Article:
Model ships bring history up close
FERRISBURGH — It just doesn’t do justice to the eminence of the naval battles that took place on Lake Champlain between the Americans and the British in the War of 1812 to simply read about them in a textbook. Captivating details are lost, and the magnitude of brave endeavors is either understated or omitted.
That’s where Bill Kissam comes in. The Westport, N.Y., resident has been creating solid wood, scale models of military naval vessels and dioramas for more than 25 years. This summer the Lake Champlain Maritime Museum in Ferrisburgh has gathered together some of his best work in an exhibit called “History in Miniature: The Maritime Models of Bill Kissam.” This exhibit, unlike most at the museum, is comprised of the work of only one man.
Visitors can see a scale model of the HMS Confiance — a British frigate that served in the Royal Navy during the Battle of Plattsburgh (a key encounter in the War of 1812) — near a model of the USS Saratoga, which defeated the Confiance.
Nearby is an elevated, coffee table-sized diorama depicting the construction of the of the Great Bridge, or “Baldwin’s Bridge,” which was built across Lake Champlain from Mount Independence in Orwell, Vt. to Fort Ticonderoga in New York during the Revolutionary War.
“The idea was to build a bridge that would not only go between Mount Independence and Fort Ticonderoga, but that would also be a part of a barrier to prevent the British from sailing down the lake and dividing the New England colonies on the New York side,” said Eloise Beil, director of Collections and Exhibits for the Maritime Museum. “It didn’t work, but it was a heroic effort.”
Although it depicts a different war from Kissam’s model ships, the lessons one can draw from the Revolutionary diorama and the War of 1812 ships are similar. Without being able to see a replica of the Great Bridge, it would be difficult to discern how, exactly, a construction project is heroic. Kissam’s models also help to illuminate that fact.
“(The bridge) was built in the winter when the lake was frozen, so you had people working manually and with horse and ox teams, felling huge trees, hauling the timbers down to the lake, sawing holes in the ice, and building, what is in effect, a log cabin,” Beil said.
The caissons on which the bridge sat “went down as deep as the water was,” she said. “At the edges, they were shallow — it was like building a two-story log cabin. But out in the middle, it was like building a four-story or five-story log cabin. They did it all in one winter.”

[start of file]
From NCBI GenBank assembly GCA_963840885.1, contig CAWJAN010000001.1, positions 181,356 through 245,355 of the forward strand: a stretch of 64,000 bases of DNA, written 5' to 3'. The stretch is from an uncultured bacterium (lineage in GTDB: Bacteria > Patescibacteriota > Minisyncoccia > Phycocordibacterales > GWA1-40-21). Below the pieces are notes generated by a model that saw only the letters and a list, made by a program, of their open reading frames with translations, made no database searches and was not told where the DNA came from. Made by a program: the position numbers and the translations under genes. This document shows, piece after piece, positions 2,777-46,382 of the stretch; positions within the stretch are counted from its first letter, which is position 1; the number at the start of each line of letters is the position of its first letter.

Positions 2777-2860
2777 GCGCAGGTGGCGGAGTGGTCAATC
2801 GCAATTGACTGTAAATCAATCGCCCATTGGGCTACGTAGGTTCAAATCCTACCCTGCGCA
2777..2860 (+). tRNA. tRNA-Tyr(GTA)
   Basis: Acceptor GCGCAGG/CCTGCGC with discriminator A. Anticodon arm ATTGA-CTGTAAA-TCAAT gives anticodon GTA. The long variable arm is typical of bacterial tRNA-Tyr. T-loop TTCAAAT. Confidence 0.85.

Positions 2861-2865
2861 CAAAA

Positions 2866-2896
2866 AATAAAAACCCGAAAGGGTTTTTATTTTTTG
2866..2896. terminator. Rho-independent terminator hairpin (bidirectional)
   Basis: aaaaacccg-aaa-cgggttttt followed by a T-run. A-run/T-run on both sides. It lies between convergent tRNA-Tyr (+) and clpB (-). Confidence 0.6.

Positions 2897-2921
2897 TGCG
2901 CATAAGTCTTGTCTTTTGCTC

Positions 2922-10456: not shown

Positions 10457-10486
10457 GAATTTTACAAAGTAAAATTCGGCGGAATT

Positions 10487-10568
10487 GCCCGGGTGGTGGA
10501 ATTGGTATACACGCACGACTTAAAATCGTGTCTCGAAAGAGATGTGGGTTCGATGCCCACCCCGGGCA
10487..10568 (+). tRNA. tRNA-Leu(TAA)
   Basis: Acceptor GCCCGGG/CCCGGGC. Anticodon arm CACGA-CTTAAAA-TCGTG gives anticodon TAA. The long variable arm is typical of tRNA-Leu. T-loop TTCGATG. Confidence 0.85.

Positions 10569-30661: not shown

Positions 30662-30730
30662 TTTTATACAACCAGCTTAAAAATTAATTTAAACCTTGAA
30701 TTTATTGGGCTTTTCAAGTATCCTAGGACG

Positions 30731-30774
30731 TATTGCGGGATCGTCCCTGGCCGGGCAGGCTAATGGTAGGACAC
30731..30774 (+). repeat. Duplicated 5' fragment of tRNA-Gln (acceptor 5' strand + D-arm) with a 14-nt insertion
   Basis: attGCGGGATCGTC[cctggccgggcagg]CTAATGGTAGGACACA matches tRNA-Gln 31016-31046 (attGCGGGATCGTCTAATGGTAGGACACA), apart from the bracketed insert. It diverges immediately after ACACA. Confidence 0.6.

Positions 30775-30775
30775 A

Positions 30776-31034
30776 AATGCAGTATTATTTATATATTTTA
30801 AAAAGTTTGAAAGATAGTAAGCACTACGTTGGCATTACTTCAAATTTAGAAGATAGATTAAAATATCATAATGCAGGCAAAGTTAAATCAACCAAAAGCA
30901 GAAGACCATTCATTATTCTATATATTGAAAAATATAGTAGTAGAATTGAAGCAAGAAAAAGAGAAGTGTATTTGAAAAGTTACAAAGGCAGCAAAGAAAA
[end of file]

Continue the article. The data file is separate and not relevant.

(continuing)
It sounds dangerous.
“Oh, God, yes,” Beil said. “It was a heroic effort. And it’s really brought to life here. It’s really hard for us to picture it when you just hear the words, but when you actually see the guys with their axes and these huge logs,” she said, gesturing toward the diorama. “They weren’t well-fed and they weren’t well-clothed and it was bitter, mid-winter. It really captures the imagination and it really transports you back in time.”
In the same way, Kissam’s work helps to take the museum’s patrons back in time. Some of the models have tiny people on the decks of the ships, particularly on the steamboats. One of the steamboat models, the Chateaugay, is so large that one can peek into the windows of the boat and see the interior of the cabins. With its moving parts, it’s a museum favorite.
“For me, my mind always goes wandering and exploring as if I was a tiny person walking all over the steamboat,” Beil said. “I love that he has people on board the Maquam. It helps me see myself within that crowd.”
Kissam’s corvettes and frigates of the “Battle of Plattsburgh” are, according the Beil, perhaps the highlight of the exhibition and what captivated Kissam’s interest. Kissam derived the schematics for these ships from Howard Chapelle, a former curator of maritime history of the Smithsonian Museum and one of the nation’s most preeminent naval architects.
With such pronounced attention to detail, it may seem no easy task for Kissam to create such elaborate models of nation’s most famous naval vessels. But Kissam said, “It’s not difficult.” Many of them take less than a year to create, he added.
Kissam’s captivating exhibit, which details the exploits of our nation’s armed forces and the history of naval travel on Lake Champlain, will remain at the museum until Oct. 11.
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